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Making Sense of Nonsense: Readings of Children’s Poetry as Play and Creative Thinking
Abstract: Nonsense and meaning are not necessarily conflicting concepts, but can be conceived of as a hendiadys, that is, not opposites, the one or the other, but as one and the other. The idea that meaning and nonsense are related and coexist is a premise for this article, which describes different structures of meaning in the nonsense poetry of Birgitte Krogsbøll and Kamilla Wichmann’s picture book Funkelgnister: Rim, råb og remser (2015, Glittersparks: Rhymes, Roars and Rigmaroles). By linking our analysis of Funkelgnister to Johan Huizinga’s theory of play as a prerequisite for culture, we reveal how the specific structures and logics of the poems generate meaning and thereby we disclose how children’s nonsense poetry is simultaneously meaningful and nonsensical, as a creative thinking akin to culture developed through play and playfulness. We describe how meaning can be sought in three directions, suggested by Gilles Deleuze: above, below and on the surface. In the first case, we consider nonsense as a seductive acoustic phenomenon. In the second, we focus on nonsense poetry as subversive. And finally, in the third case, we show how it is an event. In all, these different aspects demonstrate how nonsense poetry functions as play and challenges our understanding of what it means to read. Following Jurij Lotman’s understanding of pictorial language as creative thinking, we show how nonsense in Funkelgnister opens up a free space by utilizing an in-between, where meaning takes on different forms as signs and sounds, and how the inherent rejection of normative rules of reading in such a venture, initiates a production of meaning as metonymic activity. We thereby highlight how nonsense generates a ground for a creative development of meaning.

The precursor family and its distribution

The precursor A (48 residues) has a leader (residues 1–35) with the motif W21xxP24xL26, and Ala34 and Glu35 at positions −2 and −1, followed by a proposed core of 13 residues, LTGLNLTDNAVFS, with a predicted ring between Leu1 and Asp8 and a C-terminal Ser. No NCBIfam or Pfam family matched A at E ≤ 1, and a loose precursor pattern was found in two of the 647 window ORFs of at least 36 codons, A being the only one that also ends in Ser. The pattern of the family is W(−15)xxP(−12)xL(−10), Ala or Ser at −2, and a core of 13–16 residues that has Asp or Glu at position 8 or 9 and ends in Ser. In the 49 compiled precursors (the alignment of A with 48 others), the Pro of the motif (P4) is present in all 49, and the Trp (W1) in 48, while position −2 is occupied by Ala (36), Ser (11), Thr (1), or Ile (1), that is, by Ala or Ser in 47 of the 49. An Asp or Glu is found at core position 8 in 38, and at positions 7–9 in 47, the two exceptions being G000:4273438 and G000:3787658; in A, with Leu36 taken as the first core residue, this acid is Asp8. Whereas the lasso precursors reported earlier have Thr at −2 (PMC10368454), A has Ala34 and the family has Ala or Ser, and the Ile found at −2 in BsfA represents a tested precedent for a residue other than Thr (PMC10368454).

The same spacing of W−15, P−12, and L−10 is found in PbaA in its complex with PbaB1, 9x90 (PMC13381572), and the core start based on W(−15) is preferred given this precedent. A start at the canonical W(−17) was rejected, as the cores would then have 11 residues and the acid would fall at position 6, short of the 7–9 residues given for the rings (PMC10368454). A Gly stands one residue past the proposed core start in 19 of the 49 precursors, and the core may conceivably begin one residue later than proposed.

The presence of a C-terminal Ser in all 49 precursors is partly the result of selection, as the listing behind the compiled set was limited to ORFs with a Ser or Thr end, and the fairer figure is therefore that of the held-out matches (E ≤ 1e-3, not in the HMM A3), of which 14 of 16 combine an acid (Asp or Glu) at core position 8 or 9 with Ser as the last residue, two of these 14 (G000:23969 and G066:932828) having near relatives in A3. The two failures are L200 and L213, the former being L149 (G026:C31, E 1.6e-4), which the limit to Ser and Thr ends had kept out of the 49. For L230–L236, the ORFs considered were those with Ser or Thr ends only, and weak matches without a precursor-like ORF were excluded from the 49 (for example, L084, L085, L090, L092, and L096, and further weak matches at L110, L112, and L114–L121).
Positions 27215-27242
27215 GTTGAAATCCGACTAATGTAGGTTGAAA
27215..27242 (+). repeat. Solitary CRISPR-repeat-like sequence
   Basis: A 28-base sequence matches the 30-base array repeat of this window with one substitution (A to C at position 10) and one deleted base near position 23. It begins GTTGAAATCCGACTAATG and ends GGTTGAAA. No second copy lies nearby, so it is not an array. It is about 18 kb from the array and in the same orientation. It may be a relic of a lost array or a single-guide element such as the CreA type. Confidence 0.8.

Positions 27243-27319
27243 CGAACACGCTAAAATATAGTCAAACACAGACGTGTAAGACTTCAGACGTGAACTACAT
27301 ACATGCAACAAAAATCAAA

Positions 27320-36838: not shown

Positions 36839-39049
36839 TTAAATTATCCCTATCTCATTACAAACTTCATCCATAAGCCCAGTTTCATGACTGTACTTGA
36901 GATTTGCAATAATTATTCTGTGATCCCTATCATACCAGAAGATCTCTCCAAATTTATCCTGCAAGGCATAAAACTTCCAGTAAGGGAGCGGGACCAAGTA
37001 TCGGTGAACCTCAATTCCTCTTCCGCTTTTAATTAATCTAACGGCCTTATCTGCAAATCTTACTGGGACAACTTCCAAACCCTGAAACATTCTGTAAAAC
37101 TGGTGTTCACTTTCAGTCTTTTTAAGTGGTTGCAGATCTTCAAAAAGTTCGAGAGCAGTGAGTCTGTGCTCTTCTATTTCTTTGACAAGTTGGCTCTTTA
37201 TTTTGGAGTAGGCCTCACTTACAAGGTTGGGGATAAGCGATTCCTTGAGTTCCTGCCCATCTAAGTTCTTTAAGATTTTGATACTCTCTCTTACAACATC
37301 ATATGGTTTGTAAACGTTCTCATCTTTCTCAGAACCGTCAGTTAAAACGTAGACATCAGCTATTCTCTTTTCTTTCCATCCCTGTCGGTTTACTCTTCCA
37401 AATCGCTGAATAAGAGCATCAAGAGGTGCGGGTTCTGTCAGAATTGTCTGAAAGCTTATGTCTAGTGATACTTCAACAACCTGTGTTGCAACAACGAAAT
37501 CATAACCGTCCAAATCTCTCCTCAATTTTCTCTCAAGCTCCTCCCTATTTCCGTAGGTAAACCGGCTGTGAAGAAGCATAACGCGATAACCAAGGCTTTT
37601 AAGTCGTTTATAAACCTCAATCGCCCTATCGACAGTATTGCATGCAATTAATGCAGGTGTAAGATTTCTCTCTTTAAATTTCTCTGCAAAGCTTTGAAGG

Authors contributing to Barnboken: Journal of Children's Literature Research agree to publish their articles under the Creative Commons Attribution-NonCommercial 3.0 Unported, allowing third parties to share their work (copy, distribute, transmit) and to adapt it, under the condition that the authors are given credit, that the work is not used for commercial purposes, and that in the event of reuse or distribution, the terms of this license are made clear.
Authors retain copyright of their work, with first publication rights granted to the Swedish Institute for Children's Books.